Students Complete Rural Rotations at Banner Payson Medical Center

May 17, 2017

For more than 20 years, medical students and residents have traveled to Payson, Arizona, to learn from physicians how to provide comprehensive, sustainable health care to a rural community.

Banner Payson Medical Center is the only hospital in Payson, serving a population of about 15,000.

Judith Hunt, MD, who is board certified in internal medicine, pediatrics and adolescent medicine, was the first pediatrician in Payson. As a physician in Payson, Dr. Hunt sees more than 60 patients a week, from newborns to patients who are 100 years old. She also trains medical students who rotate into the Payson hospital.

Each year, Dr. Hunt trains about 15 health professional students and residents on inpatient and outpatient rotations from various locations across the country, including the University of Arizona College of Medicine – Phoenix, the University of Tennessee, Marquette University and University of Southern California.

UA College of Medicine – Phoenix second-year medical student Sophie Sun is one of the 15 students and residents who rotated at the Payson facility within the last year. During her one-month rotation, Sun not only worked in the clinic, but also in the emergency department, on call at the hospital and at a volunteer clinic for low-income adults.

Sun completed a rotation in Payson through the Rural Health Professions Program at the College of Medicine - Phoenix, which is dedicated to inspiring medical students to one day practice in a rural setting. For the 2017-2018 academic year, the rural health program will have 68 rural rotations across Arizona in family medicine, internal medicine, pediatrics, surgery, PAL and electives, which will be a combined 332 weeks of rural rotations.

Sun encourages current first- and second-year medical students to consider at least one rural rotation, especially if they are not from a rural background. “It can be easy for us to rest on our pre-conceived notions of a particular population, but it is valuable to link real faces and relationships to these parts of the country,” she said. 

“My significant takeaway from my time in Payson is the value of care that is truly personal and continuous,” Sun said. “Regardless of the setting that I choose to practice in, I hope to become the type of doctor who my patients will trust and return to in their time of need.”

Dr. Hunt is a University of Arizona College of Medicine – Tucson graduate who grew up in a small farming village and wanted to give back to the community by pursuing rural health care. She joined Arizona Area Health Education Centers, AHEC, which allowed her to do rural rotations and gain role models within the medical community.

“I wanted to be the best rural physician that I could be, so I sought out the AHEC rotations,” Dr. Hunt said. “Now it is my turn to pay it forward and teach medical students and residents about rural medicine.”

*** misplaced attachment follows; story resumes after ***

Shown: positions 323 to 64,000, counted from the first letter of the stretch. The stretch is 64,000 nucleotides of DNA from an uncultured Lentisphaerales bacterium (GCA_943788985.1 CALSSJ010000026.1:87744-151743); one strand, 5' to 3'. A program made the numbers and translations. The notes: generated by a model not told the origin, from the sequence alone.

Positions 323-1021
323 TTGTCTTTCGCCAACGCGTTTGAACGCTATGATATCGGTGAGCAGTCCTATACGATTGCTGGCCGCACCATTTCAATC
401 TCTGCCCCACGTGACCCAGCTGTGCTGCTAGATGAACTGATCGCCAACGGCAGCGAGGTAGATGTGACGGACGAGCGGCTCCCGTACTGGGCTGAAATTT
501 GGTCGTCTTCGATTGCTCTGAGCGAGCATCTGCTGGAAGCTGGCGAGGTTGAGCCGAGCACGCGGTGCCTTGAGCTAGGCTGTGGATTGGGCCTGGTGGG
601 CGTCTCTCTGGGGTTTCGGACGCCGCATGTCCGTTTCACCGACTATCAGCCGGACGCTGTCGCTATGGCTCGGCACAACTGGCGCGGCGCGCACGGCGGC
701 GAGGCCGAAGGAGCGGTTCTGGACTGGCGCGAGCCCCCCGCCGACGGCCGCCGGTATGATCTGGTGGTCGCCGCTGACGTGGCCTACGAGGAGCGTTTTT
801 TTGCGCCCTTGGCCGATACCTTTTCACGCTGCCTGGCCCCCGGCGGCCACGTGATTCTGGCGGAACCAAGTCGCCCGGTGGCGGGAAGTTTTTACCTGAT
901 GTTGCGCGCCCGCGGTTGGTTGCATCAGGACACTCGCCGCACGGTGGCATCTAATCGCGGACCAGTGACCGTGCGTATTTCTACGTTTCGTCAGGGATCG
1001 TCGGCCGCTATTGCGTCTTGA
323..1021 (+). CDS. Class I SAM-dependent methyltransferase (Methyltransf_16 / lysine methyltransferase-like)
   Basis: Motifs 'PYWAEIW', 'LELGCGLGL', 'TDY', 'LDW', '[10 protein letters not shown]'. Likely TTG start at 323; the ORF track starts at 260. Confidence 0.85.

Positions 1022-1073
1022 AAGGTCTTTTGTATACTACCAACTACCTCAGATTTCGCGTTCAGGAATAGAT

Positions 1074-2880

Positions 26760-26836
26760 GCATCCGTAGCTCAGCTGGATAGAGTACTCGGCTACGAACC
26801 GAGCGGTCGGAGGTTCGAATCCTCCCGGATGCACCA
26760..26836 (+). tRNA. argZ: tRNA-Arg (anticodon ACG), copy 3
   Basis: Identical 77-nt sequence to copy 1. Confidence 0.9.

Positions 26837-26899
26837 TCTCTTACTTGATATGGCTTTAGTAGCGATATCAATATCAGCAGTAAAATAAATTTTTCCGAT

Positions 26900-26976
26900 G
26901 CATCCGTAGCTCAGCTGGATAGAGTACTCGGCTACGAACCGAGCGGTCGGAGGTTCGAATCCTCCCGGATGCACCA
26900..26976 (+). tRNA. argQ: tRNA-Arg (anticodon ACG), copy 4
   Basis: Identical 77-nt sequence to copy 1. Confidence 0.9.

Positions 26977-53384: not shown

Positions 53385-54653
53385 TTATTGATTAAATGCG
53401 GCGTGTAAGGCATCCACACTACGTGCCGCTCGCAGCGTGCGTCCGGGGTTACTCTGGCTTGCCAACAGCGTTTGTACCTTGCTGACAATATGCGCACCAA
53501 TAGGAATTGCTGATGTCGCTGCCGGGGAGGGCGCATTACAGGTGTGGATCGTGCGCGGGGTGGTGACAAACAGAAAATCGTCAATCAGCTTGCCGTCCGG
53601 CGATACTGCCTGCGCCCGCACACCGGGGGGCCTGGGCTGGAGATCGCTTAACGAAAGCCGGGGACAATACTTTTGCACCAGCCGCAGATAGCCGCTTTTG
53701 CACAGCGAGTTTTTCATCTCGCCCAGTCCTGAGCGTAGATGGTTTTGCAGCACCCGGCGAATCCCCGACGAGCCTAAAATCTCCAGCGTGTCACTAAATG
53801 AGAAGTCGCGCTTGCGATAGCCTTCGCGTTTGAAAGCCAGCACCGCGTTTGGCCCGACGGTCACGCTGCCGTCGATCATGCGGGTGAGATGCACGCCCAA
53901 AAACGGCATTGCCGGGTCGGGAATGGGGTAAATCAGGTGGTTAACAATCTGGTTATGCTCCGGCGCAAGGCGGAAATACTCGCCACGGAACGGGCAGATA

Rural health has a strong emphasis on primary care, including family medicine, internal medicine and pediatrics, but students have the opportunity to also do rotations in surgery and emergency medicine. Students are able to experience a mixture of what a rural physician does and where they live.

“Our patients are our neighbors and friends,” Dr. Hunt said. “We are privileged to be invited into their lives.”

Additionally, students have a unique opportunity in Payson to help Dr. Hunt implement a program to decrease the number of teenagers battling opiate addiction, a common problem in rural communities.

“I was there when these teenagers were born,” she said. “I coached them in swim team. These are our children. It is imperative that we find a way to combat this opiate scourge and protect our kid’s lives. Having the medical students help us think ‘outside the box’ is not just about an educational goal. The students are impacting my community’s future, today.”

Dr. Hunt said the Payson medical community wants to build relationships with health professional students, as they are the physicians who will take care of them one day.

“We are truly dedicated to helping them succeed and hopefully, a few of these students will join us in a rural community,” she said.

As a mentor, Sun said, Dr. Hunt encouraged her to think and work independently.

“Dr. Hunt has a very close relationship with all of her patients and it was very rewarding for me to be able to see what real continuity of care looks like,” Sun said. “The life of a rural physician is diverse and challenging and I certainly see why she loves it.”

About the UA College of Medicine – Phoenix

The University of Arizona College of Medicine – Phoenix admitted its inaugural class of first-year medical students in August 2007 and is celebrating its 10th anniversary this year. The College inspires and trains exemplary physicians, scientists and leaders to optimize health and health care in Arizona and beyond. The College is uniquely positioned to accelerate the biomedical and economic engines in Phoenix and the State by leveraging vital relationships with key clinical and community partners. For more, visit


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